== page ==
Lopez-I've been here many years. I arrived here in 1971. I remember people's last names, For instance, there was a guy named Smith; I talked to him about politics and culture. He lived on top of the Flat Iron Building. He was the first person who gave me ideas on how to work with the camera. At one point I even met the famous writer Nelson Algren, but to me, he was an old man and represented to old stuff. I was concerned with the future and I thought I could create something better then him (hahah). So at that point I just didn't want to deal with the past. There were many good artists here such as Eddie Bachowski. He was a veteran of the Abraham Lincoln Brigade that went to fight in the Spanish Civil War. He lost his hand over there. We used to get together. We talked about the Spanish Civil War, politics, art and women. One day I was very sad because I learned that he jumped in front of the train at the North Avenue and Clybourn Station.
Carli-Do you know why he did it?
Lopez-Well, he was getting old and he was depressed. He did not have enough money to support his family, and he wanted to do some good for humanity. He got depressed because he could not do all those things that he wanted to do.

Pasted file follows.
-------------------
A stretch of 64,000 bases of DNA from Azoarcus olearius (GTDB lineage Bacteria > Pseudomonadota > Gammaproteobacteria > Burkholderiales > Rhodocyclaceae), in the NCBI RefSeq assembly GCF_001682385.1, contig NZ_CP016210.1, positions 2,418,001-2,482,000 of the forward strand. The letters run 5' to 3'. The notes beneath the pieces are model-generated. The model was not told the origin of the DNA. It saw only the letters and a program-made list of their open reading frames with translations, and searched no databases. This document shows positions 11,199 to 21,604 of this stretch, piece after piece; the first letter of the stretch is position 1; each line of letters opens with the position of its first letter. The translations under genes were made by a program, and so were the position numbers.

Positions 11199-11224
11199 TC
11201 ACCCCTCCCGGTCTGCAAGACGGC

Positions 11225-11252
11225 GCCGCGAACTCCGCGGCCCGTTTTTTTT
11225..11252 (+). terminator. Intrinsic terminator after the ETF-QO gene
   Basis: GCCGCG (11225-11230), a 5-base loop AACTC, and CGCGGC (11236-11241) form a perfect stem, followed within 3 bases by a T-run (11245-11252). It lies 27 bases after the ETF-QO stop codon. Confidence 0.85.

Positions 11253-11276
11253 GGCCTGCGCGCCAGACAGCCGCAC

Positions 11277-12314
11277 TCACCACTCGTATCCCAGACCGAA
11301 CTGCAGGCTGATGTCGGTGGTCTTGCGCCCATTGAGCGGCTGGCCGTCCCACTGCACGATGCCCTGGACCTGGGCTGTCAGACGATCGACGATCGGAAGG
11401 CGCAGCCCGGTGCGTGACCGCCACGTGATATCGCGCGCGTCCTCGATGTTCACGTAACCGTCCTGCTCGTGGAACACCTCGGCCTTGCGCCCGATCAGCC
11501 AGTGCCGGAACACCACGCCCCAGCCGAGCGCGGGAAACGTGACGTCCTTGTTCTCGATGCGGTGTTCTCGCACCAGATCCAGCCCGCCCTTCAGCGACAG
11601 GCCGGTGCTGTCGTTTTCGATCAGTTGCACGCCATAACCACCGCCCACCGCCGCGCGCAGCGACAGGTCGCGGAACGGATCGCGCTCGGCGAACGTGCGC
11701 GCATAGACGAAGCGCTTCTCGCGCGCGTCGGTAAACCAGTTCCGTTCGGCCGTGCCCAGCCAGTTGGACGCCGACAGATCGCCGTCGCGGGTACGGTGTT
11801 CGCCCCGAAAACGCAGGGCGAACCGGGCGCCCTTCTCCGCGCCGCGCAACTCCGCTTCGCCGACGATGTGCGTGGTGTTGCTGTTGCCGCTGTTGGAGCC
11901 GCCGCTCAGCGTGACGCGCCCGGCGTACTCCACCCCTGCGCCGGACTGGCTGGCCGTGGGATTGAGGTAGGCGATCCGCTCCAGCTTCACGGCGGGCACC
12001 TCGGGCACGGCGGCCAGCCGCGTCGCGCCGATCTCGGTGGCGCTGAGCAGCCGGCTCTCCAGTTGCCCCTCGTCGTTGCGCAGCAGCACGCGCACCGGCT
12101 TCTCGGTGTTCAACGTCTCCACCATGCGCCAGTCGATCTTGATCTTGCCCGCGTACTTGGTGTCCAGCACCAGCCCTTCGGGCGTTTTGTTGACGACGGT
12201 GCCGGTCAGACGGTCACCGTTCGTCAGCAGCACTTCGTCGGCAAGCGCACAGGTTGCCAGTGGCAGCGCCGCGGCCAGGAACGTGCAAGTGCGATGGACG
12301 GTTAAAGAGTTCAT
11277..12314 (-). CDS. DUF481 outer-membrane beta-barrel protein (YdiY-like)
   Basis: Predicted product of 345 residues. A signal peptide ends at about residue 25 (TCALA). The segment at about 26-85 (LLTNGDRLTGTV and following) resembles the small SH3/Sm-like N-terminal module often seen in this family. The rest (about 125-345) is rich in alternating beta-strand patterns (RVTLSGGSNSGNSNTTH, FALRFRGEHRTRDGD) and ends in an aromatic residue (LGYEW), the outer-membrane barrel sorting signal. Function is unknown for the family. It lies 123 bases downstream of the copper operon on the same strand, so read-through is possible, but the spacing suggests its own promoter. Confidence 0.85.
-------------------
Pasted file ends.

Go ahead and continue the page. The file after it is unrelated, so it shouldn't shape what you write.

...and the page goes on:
Cortez-Were there any photographers that had a big impact on your work?
Lopez-At first ,I studied photography on my own. I was self-taught. I would go to the old Maxwell Street Flea Market. I would take pictures of the vendors and the people who walked around. I took lots of pictures in Wicker Park too. I wanted to capture the people, buildings and events. I photographed many Wicker Park weddings and baptisms. I called myself an "affordable photographer." I would just bill people for the film. It was a very difficult because I often had to decide whether to eat or pay for film. It was difficult but it was also very rewarding.